Perkins Loans Explained
The U.S. Department of Education offers several loan programs to make an affordable education possible for everyone. The Federal Perkins Loan Program provides assistance to qualifying students who can demonstrate financial need and who are seeking a higher degree through an approved postsecondary school.
Perkins loans are known for their low fixed interest rates and manageable repayment terms. Perkins Loans allow in-need students to finance the rapidly rising costs of a higher education. Similar to other types of federal loans, Perkins Loans can be used to cover education-related expenses such as tuition, textbooks, and educational housing costs.
The federal government sponsors the Perkins loans program, and the allocation of loan funds. Perkins loan funds are disbursed for students directly to the education institutions themselves. The educational institution is responsible for matching a certain percentage of the funds. If you qualify for a Perkins loan, your lender will effectively be the school your are attending! Because the institution acts as a lender with match federal funds, the institution plays a role in the determination of funds. The institution has influence over loan amounts and criteria.
Who Can Get a Perkins Loan?
Perkins loans are designed for low-income students enrolled in an undergraduate, graduate, or vocational program at an institution that participates in the Perkins Loan Program. Not every school offers Perkins loans to its students, so you should consult with the financial aid office to find our if the program is in place. Students who qualify for Perkins loans are able to demonstrate financial need.
In comparison to other federal loan programs, like the Direct PLUS and Stafford Loans, very few Perkins loans are issued to students each year. According to the New America Foundation, only $500,000 in new Perkins Loans were issued in 2014, with an average loan amount of $1,700. In comparison, approximately $8 million in new Stafford Subsidized Loans were issued to students.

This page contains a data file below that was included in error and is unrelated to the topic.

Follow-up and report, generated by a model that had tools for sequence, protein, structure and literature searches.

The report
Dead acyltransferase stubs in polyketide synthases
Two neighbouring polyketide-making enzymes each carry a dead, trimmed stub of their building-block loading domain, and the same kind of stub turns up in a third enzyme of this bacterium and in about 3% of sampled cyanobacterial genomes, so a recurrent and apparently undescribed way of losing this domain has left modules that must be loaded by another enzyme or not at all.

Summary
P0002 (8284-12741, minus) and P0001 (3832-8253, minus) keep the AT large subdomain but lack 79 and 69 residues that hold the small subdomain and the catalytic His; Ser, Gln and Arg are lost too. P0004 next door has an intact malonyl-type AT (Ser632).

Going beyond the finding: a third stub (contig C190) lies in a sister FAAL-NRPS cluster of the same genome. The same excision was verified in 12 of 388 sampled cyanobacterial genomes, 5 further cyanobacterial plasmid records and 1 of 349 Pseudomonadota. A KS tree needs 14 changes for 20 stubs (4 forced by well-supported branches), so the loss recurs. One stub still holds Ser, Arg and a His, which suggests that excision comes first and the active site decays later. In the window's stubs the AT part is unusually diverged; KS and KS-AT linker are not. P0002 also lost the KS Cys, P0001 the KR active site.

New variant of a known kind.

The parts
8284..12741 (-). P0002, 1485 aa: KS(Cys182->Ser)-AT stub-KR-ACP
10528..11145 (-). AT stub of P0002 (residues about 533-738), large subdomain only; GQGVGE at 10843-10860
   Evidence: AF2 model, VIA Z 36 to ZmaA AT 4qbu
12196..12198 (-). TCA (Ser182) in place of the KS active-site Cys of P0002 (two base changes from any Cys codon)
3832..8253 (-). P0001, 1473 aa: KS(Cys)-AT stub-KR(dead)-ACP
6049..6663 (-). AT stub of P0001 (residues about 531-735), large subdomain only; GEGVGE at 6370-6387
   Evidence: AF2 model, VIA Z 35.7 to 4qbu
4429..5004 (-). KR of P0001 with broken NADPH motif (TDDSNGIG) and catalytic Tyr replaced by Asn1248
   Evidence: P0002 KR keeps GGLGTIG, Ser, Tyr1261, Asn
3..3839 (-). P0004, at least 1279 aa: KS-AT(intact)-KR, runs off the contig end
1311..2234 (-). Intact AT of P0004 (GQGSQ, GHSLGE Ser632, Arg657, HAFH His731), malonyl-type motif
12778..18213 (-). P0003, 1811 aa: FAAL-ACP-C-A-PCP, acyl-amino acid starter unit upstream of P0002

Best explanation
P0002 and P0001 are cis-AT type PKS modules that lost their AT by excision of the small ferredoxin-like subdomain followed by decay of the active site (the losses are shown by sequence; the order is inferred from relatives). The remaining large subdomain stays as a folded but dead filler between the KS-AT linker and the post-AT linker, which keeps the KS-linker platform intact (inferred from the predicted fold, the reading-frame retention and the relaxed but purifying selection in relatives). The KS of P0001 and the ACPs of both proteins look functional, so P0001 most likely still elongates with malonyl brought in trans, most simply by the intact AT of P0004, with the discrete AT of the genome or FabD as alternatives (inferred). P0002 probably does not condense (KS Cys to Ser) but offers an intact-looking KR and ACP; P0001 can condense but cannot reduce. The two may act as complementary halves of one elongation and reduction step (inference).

Advantages of Perkins Loans
Anytime you can finance through low interest loans you are doing well for yourself. Perkins loans are so desirable because they have low fixed interest rates. Even if market interest rates increase, the rate you pay on Perkins loans will remain the same as long as you meet the conditions of borrowing.
Loan insurance is provided at no cost, so you won't be on the hook if you become disabled or die. Moreover, loan forgiveness programs do exist and are available for some individuals who commit to certain professions.
Repaying Perkins Loans
Borrowers are responsible for repaying a Perkins loan with an interest rate of 5 percent. The repayment period of a Perkins loan is 10 years. If borrowers make on time payments, there are no excess or misc. charges to consider. However, if you pay late or default on a Perkins loan, you will be charged late fees and collection fees.
After graduation borrowers can enjoy a nine month grace period before loan repayment beings on the loan. The same grace period applies if you drop out of school or leave for any other reason. If you are unable to start making payments at the end of the grace period you can apply for a deferment to postpone repayment temporarily.
How to Apply
Borrowers can apply for a Perkins loan by filling our the Free Application for Federal Student Aid (FAFSA). The earlier you submit your application, the better chance you have of getting a Perkins loan. Like other federal student loans, Perkins funds are limited and awarded to borrowers on a first come, first served basis. If interested, you could browse private college loan products offer by privately financed banks as a supplement.